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Comment: Timber management should include ecoforestry philosophy

Ecoforestry employs more people per cubic metre of wood harvested than traditional clearcut forestry practices.
Wilderness Committee campaigner Torrance Coste stands beside a massive stump in a clearcut in the Upper Walbran Valley, close to Castle Grove. VIA WILDERNESS COMMITTEE

A commentary by a Mill Bay resident.

In 1937, Ernest C. Manning, B.C.’s chief forester, told the Vancouver Board of Trade that “our forest resources are our real central bank. … Keep the assets in a productive state and do not dissipate the capital.”

In 1939, in his annual report to the legislature, Manning said: “We are turning capital into revenue. We are creating barren lands.”

Despite this warning, B.C. continued to maintain unsustainable forestry practices, resulting in much of B.C.’s “capital” being turned into revenue. Most of our iconic high-value old-growth forests are gone.

The recent letter “North Cowichan could sell its forests” supported management of our forests that would include spraying forests with glyphosate to kill deciduous trees and shrubs resulting in elimination of habitat for birds, bats and squirrels, creatures that eat tree-damaging insects; leaves and berries, food sources for many creatures, such as caribou, moose and bears; and nitrogen-fixing trees and shrubs, resulting in less nitrogen, an essential nutrient, being transferred via fungal networks to the desired high-value fibre trees.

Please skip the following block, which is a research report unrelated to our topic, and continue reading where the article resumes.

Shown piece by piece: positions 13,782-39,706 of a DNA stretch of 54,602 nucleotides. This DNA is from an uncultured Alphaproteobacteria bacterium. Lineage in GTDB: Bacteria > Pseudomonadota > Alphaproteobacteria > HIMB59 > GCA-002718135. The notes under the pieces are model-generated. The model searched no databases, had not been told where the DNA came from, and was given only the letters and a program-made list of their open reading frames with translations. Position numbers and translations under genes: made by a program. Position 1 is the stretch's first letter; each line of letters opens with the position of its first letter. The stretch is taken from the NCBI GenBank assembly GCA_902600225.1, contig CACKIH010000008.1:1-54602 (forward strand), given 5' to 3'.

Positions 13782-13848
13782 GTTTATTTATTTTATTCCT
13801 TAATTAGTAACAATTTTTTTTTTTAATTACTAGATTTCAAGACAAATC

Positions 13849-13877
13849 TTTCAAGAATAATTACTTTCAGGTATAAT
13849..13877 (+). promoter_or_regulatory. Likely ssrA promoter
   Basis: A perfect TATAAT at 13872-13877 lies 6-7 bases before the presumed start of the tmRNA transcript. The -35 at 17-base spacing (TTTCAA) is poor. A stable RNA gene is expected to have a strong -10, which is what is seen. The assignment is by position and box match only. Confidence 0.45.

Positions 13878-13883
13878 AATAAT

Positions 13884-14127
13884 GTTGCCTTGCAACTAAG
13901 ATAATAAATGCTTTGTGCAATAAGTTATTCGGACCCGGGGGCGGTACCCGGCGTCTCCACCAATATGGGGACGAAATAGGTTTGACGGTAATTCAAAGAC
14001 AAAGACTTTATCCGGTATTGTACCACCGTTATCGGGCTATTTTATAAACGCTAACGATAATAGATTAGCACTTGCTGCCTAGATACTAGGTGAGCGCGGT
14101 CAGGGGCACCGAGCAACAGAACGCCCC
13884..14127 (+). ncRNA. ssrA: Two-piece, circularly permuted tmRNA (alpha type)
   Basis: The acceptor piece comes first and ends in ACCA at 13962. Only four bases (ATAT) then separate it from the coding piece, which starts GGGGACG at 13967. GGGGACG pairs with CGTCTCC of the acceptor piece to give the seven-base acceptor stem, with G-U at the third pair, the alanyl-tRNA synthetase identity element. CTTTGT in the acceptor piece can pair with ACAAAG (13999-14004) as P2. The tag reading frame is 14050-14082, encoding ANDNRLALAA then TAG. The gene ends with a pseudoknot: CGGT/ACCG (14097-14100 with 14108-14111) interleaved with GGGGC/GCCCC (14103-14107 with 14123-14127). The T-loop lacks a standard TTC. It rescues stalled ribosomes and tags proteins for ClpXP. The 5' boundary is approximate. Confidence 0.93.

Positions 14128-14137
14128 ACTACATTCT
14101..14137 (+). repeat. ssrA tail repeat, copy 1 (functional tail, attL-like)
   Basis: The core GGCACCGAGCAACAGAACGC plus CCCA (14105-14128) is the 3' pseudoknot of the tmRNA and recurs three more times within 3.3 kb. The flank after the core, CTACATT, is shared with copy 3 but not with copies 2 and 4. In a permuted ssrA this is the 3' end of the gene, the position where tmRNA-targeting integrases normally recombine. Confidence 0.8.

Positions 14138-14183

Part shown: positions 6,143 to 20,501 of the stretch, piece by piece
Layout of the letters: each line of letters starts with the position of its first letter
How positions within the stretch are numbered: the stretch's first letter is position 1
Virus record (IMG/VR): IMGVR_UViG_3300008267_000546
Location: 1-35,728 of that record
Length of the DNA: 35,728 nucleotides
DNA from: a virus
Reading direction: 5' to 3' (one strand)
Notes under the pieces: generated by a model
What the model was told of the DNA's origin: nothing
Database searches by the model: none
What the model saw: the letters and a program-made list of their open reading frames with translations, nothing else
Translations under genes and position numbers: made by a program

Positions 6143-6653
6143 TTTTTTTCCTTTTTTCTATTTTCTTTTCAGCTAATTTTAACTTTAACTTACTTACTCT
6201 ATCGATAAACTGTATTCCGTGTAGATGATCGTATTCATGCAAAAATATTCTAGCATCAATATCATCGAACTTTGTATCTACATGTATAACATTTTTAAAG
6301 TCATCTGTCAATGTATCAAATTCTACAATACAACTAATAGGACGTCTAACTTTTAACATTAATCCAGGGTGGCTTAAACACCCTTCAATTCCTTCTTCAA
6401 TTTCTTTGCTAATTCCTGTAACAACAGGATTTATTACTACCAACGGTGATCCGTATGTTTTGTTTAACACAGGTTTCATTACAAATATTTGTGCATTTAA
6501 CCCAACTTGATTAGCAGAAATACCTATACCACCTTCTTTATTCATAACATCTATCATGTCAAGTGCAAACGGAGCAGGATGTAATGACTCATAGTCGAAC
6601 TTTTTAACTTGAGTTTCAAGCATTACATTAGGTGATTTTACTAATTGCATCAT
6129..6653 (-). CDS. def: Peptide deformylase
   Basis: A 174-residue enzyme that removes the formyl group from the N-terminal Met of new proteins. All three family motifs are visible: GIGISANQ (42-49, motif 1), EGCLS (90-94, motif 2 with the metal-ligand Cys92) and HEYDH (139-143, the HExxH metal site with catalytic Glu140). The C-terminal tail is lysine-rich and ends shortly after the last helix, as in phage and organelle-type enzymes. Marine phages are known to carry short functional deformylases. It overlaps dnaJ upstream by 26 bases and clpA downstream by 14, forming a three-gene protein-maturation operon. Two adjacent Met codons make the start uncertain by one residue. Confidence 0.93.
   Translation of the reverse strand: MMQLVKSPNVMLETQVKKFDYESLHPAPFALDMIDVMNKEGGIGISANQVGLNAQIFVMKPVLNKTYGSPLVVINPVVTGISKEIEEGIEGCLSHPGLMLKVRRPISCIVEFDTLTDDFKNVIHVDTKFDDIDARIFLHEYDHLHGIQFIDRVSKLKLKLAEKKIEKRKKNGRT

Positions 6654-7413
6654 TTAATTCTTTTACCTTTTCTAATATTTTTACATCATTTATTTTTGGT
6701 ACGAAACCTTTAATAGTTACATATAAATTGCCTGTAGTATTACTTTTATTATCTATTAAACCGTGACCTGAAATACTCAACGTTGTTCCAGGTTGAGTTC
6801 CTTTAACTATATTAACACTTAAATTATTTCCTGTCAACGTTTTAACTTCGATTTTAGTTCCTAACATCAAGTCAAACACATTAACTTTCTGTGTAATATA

The leaves shed in the fall also provide nutrients for the valued fibre trees. More tree-damaging insect activity and less nitrogen nutrients make the high-value fibre trees more susceptible to disease, promoting forest fires. Destroying much of the fire-resistant deciduous trees and shrubs also makes the forest more susceptible to forest fires.

Another management practice is to replace naturally regenerated mixed forests with monoculture plantation forests.

Studies have shown that monoculture plantation forests are much more vulnerable to forest fires than naturally regenerated mixed forests.

Destruction of deciduous trees and shrubs as well as establishment of monoculture plantation forests also result in a loss of biodiversity. For example, all boreal caribou are now considered threatened, with many herds having disappeared in B.C. There would be a promotion of landslides, and decreases in the ability of forest floors to store winter rains, exacerbating drought conditions and associated failure of aquifer replenishment.

Finally, the world is in a carbon-emission crisis that is resulting in climate changes associated with more unpredictable weather. Our managed forests used to be net carbon sinks, but no longer.

Natural Resources Canada’s The State of Canada’s Forests Annual Report points out that Canada’s managed forests have been net carbon emitters since 2002.

In B.C.’s Provincial Greenhouse Gas Inventory report, the section entitled “Emissions not included in the inventory total” indicates that this is also true for B.C.’s managed forests.

We need to change forestry practices such that our forests become net carbon sinks; promote the retention of water from the winter rains into the dry season, thereby allowing replenishment of our aquifers; and promote retention (and development) of habitats for all the creatures we share the planet with.

We need to “manage” our forests using ecoforestry approaches. A good example of this is the Wildwood Ecoforest at Yellowpoint. As another benefit, ecoforestry employs more people per cubic metre of wood harvested than the traditional clearcut forestry practices.

There are no dark monies here. The citizens who are concerned about the past management of the North Cowichan forests simply want a future for their children and grandchildren, as well as for all the other species we share the Earth with.